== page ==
Shuai Wu

Dr. Sohn’s lab studies various biological stress-sensor proteins, including mammalian cyclic GMP-AMP (cGAMP) synthesis (cGAS). cGAS plays a crucial role in activating innate immune responses against cytosolic dsDNA in mammals. My research on cGAS involved solving multiple crystal structures of cGAS bound to different substrates, dinucleotide intermediates and divalent metals at various catalytic stages. Our structural findings, combined with biochemical measurements, redefined the molecular mechanism by which cGAS generates 2’-5’/3’-5’-linked cGAMP. The novel structures and mechanistic insights from our study have the potential to guide researchers in developing small molecule therapeutics targeting different active states of cGAS.

Questions & Answers

Why did you choose Johns Hopkins for your work?

I chose Johns Hopkins for my postdoctoral training owing to its outstanding reputation as a research institution renowned for pioneering and groundbreaking research. As it turns out, my choice proved to be the right one.

What does receiving this award mean to you personally and professionally? Do you have any connection with the particular award you received?

I want to express my sincere gratitude to the Young Investigators’ Day Committee for honoring my research with the Alfred Blalock Research Award. Receiving this award brings me immense honor and happiness. This recognition serves as a strong motivation for me to continue my academic pursuits.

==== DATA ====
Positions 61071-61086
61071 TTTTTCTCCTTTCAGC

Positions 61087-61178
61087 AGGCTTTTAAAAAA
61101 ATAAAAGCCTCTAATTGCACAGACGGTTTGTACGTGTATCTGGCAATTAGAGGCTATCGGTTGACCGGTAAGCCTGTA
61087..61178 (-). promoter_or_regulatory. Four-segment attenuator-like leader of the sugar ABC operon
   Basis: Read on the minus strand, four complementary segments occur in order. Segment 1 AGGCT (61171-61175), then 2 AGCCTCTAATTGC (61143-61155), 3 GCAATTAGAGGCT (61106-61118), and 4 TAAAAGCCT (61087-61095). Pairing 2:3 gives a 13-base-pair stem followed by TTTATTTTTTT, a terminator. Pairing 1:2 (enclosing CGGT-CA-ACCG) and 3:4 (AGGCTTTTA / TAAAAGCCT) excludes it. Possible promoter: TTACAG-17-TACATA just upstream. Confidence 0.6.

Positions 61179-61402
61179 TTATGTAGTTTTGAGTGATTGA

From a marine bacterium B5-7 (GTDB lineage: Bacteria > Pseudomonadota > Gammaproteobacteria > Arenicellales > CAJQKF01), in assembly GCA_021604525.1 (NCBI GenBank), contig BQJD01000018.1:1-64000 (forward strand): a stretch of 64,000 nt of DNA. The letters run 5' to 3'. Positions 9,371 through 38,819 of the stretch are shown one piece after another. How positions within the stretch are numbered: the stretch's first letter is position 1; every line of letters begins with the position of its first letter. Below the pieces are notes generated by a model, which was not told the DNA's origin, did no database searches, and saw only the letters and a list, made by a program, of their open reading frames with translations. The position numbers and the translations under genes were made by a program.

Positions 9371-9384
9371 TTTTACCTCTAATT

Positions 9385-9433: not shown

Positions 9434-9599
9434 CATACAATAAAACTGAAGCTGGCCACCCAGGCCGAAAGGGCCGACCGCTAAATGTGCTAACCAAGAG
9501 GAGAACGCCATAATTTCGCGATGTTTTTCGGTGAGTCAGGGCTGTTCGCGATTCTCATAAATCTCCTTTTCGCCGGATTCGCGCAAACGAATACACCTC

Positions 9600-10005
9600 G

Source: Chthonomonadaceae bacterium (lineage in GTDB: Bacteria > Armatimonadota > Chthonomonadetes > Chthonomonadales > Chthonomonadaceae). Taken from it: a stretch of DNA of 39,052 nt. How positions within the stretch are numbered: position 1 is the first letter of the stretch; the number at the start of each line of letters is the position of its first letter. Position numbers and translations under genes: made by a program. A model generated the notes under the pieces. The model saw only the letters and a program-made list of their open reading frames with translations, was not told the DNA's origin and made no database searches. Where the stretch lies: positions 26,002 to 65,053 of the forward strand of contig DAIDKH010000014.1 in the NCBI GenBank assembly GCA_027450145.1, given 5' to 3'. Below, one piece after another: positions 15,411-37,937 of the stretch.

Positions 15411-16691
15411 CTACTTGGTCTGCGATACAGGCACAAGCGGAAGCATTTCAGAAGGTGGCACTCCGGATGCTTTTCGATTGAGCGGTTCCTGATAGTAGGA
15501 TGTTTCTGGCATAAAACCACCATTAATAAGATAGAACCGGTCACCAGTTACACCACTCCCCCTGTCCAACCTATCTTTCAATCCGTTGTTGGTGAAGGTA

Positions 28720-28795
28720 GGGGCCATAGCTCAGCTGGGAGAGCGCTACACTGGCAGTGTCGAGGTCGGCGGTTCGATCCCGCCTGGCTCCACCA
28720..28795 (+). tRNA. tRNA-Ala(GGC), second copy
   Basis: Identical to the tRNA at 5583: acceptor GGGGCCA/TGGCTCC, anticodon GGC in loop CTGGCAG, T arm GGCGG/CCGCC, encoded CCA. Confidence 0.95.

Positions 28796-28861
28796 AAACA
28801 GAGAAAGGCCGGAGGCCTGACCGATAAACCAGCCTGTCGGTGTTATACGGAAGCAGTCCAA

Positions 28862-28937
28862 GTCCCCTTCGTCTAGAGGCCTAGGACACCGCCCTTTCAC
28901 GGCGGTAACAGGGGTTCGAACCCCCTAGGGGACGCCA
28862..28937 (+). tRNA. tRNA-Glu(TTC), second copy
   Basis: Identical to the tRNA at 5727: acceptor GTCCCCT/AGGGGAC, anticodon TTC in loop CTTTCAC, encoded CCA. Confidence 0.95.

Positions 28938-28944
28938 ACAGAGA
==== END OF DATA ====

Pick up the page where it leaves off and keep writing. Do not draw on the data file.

What contributed to your project’s success?

Being part of Jay Sohn’s lab team is an absolute privilege. Without Dr. Sohn’s guidance and unwavering support, my project wouldn’t have been feasible. I’m particularly thankful for the numerous enlightening discussions with Jay throughout the project and the freedom to explore different possibilities. Moreover, Dr. Sandra B. Gabelli’s oversight of crystallographic data collection and processing, coupled with remote access to the National Synchrotron Light Source II, are also vital components for the project’s success.

What thoughts do you have about Young Investigators’ Day itself, as a celebration of the roles students and fellows play in research at Johns Hopkins?

I see Young Investigators’ Day as an excellent platform for recognizing the substantial dedication invested into research endeavors for award recipients. Furthermore, the award cultivates a valuable network among young researchers at Hopkins for communication and collaboration.

What has been your best/most memorable experience while at Johns Hopkins?


Upon observing the electron density of the cGAS reaction intermediate pppGpA on Coot, I was struck by the precision and elegance of the enzyme. This experience highlighted to me the profound capability of X-ray crystallography in elucidating enzymatic reactions.

What are your plans over the next year or so? Graduating, looking for faculty positions, etc.?

I would like to apply for a faculty position and establish a lab to continue my research interest in unraveling the mechanism of biological stress-sensor pathways and autophagy.

Tell me something interesting about yourself that makes you unique. Do you have any special hobbies, interests or life experiences?

I like music, which may have been inherited from my father. I enjoy exploring various musical instruments and playing guitar and harmonica from time to time.